So the old dog had jumped the gun had he? That he had didn’t bother me in the least, but no doubt back then it must have caused serious problems for the two of them. Society was different in the nineteen forties. Stigmas were attached to events that no-one seems to bother about any more these days. No doubt it would explain the Registry Office wedding, and might even explain why the family home I remember was in Lincoln and not in Leeds.

It was the following Sunday morning. Our son Jimmy, Margot and young Rick were with us for lunch. I was taking a quick glance into the shoebox when Rick came into the room. He’s twelve, bright as a button and can wrap me round his little finger. I know it, he knows it and he knows that I know it.

‘Caught you, Grandad. So this is where you hide all your secrets. How much will you give me not to tell Nan? It must be worth fifty pee? Honestly though, if they’re anything to do with the family I’d like to see them. I watched a programme the other night about genealogy and it was fascinating.’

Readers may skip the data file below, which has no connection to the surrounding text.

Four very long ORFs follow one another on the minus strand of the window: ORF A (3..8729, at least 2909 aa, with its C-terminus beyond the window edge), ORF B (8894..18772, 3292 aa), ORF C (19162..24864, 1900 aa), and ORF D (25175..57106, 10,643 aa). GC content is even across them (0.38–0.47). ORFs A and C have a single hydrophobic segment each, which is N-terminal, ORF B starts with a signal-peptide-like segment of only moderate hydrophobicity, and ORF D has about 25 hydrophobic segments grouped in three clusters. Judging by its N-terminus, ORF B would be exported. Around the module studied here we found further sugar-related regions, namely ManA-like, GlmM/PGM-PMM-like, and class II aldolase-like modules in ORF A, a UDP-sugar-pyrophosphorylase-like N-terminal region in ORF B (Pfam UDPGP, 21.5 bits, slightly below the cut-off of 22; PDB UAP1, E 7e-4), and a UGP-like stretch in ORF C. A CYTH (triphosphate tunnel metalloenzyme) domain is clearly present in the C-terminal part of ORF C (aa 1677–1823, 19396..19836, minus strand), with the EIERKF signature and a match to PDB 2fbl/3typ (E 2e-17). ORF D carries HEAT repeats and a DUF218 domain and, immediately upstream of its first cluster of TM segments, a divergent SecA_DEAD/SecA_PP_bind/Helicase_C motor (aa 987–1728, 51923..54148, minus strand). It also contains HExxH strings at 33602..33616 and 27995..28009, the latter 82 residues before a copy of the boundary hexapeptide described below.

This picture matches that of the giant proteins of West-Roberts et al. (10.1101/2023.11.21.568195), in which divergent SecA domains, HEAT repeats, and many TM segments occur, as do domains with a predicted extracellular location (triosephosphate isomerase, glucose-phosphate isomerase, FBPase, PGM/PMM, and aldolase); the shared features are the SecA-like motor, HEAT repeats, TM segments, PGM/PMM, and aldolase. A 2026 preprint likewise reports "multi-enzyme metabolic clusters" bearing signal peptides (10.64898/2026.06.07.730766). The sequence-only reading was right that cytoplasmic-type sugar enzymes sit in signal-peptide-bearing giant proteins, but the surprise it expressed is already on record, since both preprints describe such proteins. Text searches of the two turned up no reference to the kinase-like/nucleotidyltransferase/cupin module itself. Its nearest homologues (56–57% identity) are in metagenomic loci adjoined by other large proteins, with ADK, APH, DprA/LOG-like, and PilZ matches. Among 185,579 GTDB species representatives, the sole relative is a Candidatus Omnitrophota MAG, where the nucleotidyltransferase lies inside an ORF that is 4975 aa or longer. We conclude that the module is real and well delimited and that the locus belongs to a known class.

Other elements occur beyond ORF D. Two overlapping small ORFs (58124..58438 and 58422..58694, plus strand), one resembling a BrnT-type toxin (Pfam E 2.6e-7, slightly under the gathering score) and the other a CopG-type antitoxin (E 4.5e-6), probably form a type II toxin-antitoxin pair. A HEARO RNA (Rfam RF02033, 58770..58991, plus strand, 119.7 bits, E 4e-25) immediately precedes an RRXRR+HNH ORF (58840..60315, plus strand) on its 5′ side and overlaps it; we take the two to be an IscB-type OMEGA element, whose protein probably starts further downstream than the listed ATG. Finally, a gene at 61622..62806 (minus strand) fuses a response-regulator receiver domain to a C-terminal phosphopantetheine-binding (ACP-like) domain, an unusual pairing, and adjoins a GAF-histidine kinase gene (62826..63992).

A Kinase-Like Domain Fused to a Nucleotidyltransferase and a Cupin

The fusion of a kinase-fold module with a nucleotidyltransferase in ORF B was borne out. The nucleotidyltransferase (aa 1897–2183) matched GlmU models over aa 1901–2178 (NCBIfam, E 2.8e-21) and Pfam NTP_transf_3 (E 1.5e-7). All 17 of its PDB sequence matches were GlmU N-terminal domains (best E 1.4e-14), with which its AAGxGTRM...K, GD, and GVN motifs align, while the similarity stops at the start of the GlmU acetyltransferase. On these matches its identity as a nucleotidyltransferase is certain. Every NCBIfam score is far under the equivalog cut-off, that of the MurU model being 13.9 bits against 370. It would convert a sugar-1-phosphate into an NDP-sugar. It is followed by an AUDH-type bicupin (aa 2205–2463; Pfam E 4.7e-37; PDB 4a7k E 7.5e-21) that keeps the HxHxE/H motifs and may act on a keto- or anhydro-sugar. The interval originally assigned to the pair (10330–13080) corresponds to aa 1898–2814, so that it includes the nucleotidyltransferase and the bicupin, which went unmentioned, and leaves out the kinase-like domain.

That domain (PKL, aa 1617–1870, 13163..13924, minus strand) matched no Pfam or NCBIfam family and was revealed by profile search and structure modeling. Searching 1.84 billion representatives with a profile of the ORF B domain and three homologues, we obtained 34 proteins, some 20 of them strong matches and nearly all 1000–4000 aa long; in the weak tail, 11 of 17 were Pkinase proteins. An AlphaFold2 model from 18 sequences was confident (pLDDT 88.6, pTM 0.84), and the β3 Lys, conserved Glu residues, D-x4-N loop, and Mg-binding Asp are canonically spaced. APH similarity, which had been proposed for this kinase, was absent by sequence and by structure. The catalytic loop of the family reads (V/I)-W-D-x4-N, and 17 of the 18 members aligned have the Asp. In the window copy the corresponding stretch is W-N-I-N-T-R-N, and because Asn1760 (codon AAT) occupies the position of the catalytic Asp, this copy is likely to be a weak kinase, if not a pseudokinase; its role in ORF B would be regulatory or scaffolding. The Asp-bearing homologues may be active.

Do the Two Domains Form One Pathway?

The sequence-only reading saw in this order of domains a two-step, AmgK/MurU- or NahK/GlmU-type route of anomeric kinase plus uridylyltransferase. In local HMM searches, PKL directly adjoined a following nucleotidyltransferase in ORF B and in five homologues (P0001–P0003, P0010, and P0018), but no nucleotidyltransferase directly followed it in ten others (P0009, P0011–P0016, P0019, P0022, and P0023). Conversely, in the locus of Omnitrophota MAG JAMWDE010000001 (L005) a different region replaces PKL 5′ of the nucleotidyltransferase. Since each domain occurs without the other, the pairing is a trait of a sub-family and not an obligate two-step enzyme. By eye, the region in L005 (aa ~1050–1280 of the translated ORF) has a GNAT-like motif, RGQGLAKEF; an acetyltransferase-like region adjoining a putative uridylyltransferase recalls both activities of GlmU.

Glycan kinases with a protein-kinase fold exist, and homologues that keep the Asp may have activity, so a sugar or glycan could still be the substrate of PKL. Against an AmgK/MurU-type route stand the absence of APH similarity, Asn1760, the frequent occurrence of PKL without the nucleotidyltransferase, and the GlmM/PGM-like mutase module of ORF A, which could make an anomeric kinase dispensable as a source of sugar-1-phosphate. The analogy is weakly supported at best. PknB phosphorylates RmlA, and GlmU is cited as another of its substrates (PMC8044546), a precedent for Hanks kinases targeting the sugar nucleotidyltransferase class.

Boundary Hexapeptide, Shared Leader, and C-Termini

I tried to close the box with ‘Another time, Rick’’ but he was too quick for me. He picked up the picture from Skegthorpe. ‘Well then. There’s a lady and I think that’s you so that will be your mother, my Great Grandmother. Is that right, Grandad? Very pretty, wasn’t she? And the man must be your father - anybody can see that. You’re so alike. You, dad and me - we’re all tall. I’m nearly six feet already.

Rick picked up the old photo of my father and my mother on their wedding day. ‘And the old man in the photos with Great Grandmother when she was young? He doesn’t look like anyone else in the family. Who’s he then?’

He was an elderly gentleman who was very good to my mother and me many, many years ago. He died when I was about your age. I didn’t get to know him as well as I should have and now it’s too late. He was a very kind, very generous man and I wish now I’d got to know him better. And you’re quite right, Rick, he wasn’t any blood relative - more a sort of in-law. You know, honorary family, related to us by marriage’.

Had Rick been a few years older I might have told him the full truth. That’s what I tell myself anyway. I should have: after all Rick was mature enough then to take it all in and understand the implications. But I didn’t. Should have, but didn’t. Trying to protect my long-dead mother’s reputation? That’s what I told myself anyway. But I shouldn’t have lied to him like that. I wish I hadn’t.